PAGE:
In 1996 it was set up in response to the Mason Inquiry into Mental Health Services. They were helpful in developing a blueprint for improved services that the Government has been trying to meet.
According to Health Minister Pete Hodgson since its establishment there had been significant gains in the recognition and treatment of mental illness.
However he said work was far from over especially among the Maori, Pacific Island and young people who suffered in disproportionately high numbers than other groups.
He said, "The Mental Health Commission can play an important role in efforts to address this," and that some of the commission's functions could be revised to assist this.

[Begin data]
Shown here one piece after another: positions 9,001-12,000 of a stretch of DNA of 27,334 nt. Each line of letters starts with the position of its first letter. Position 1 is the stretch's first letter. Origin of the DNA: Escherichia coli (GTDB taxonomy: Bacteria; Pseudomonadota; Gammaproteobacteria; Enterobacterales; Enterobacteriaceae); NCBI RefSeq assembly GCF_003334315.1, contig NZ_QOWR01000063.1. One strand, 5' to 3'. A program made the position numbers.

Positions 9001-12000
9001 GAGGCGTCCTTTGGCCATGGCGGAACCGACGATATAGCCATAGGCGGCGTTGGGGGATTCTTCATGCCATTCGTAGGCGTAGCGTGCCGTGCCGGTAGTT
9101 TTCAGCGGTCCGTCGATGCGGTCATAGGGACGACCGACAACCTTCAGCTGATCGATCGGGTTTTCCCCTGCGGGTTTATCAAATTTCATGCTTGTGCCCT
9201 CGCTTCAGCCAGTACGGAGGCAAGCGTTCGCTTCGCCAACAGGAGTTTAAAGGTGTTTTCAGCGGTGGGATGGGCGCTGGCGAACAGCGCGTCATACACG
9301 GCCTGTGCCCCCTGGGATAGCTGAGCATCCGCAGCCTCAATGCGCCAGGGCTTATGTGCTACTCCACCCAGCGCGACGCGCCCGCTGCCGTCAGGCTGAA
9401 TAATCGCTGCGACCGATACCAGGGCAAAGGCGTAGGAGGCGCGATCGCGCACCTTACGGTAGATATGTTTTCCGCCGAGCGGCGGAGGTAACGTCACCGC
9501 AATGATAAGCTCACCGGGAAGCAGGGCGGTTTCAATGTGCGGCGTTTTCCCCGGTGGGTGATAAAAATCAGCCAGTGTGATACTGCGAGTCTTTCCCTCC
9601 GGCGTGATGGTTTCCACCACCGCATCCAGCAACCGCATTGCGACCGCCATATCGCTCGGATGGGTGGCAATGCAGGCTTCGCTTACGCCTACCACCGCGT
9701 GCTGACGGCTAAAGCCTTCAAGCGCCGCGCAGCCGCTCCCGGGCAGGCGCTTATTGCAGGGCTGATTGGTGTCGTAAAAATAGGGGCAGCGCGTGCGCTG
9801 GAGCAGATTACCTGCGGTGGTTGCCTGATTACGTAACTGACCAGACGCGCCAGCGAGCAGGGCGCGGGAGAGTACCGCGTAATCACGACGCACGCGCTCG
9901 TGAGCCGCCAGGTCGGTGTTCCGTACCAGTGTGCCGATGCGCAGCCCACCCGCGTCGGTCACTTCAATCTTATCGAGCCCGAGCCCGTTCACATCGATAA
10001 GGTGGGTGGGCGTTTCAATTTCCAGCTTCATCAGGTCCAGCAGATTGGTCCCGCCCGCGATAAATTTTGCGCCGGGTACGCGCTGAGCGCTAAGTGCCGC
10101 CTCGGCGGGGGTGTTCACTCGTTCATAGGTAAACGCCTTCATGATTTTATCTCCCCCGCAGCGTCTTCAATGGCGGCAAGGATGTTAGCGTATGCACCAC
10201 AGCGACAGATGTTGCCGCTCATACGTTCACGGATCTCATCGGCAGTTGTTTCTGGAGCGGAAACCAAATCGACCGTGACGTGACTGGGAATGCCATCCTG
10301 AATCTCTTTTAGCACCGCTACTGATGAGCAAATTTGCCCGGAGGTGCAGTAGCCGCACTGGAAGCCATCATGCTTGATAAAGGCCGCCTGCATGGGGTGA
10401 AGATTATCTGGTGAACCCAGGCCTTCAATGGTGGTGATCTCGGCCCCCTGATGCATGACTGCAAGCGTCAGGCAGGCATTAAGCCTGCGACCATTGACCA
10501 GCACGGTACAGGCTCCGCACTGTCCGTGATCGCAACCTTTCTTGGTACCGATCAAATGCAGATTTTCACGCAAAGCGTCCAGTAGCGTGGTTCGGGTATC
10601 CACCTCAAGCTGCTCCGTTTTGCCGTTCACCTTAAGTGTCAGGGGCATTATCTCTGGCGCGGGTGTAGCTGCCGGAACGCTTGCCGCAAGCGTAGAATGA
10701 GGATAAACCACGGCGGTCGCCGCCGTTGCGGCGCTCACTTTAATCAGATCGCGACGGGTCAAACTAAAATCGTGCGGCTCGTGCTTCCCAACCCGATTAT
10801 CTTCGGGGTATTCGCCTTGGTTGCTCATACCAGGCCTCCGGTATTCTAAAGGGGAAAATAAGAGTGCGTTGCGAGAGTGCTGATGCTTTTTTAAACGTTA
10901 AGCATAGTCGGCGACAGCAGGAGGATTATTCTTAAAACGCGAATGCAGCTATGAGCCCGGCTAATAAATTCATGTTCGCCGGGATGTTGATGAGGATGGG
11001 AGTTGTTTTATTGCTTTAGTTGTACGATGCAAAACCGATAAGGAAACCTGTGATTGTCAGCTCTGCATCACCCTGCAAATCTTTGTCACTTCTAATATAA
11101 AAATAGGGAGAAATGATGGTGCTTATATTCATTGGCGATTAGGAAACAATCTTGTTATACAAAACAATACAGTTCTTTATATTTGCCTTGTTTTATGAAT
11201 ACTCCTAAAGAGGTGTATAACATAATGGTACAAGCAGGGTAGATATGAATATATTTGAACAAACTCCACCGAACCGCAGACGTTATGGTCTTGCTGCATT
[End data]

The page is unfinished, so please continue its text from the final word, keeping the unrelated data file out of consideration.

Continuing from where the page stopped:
Support of the mental health sector could also be accomplished through the implementation of the 2005-2015 mental health strategy.
Mr Hodgson said that legislation would be introduced to extend the commission's life.
The extension was welcomed by commission chairwoman Ruth Harrison and she also welcomed Mr Hodgson's appointment of former Ngai Tahu Development Corporation chief executive Ray Watson as a commission member.
Maori Party co-leader Tariana Turia also expressed her pleasure over the reprieve granted to the commission saying, "They have a unique ability to stand outside and give us the objective report card we need on mental health and well-being."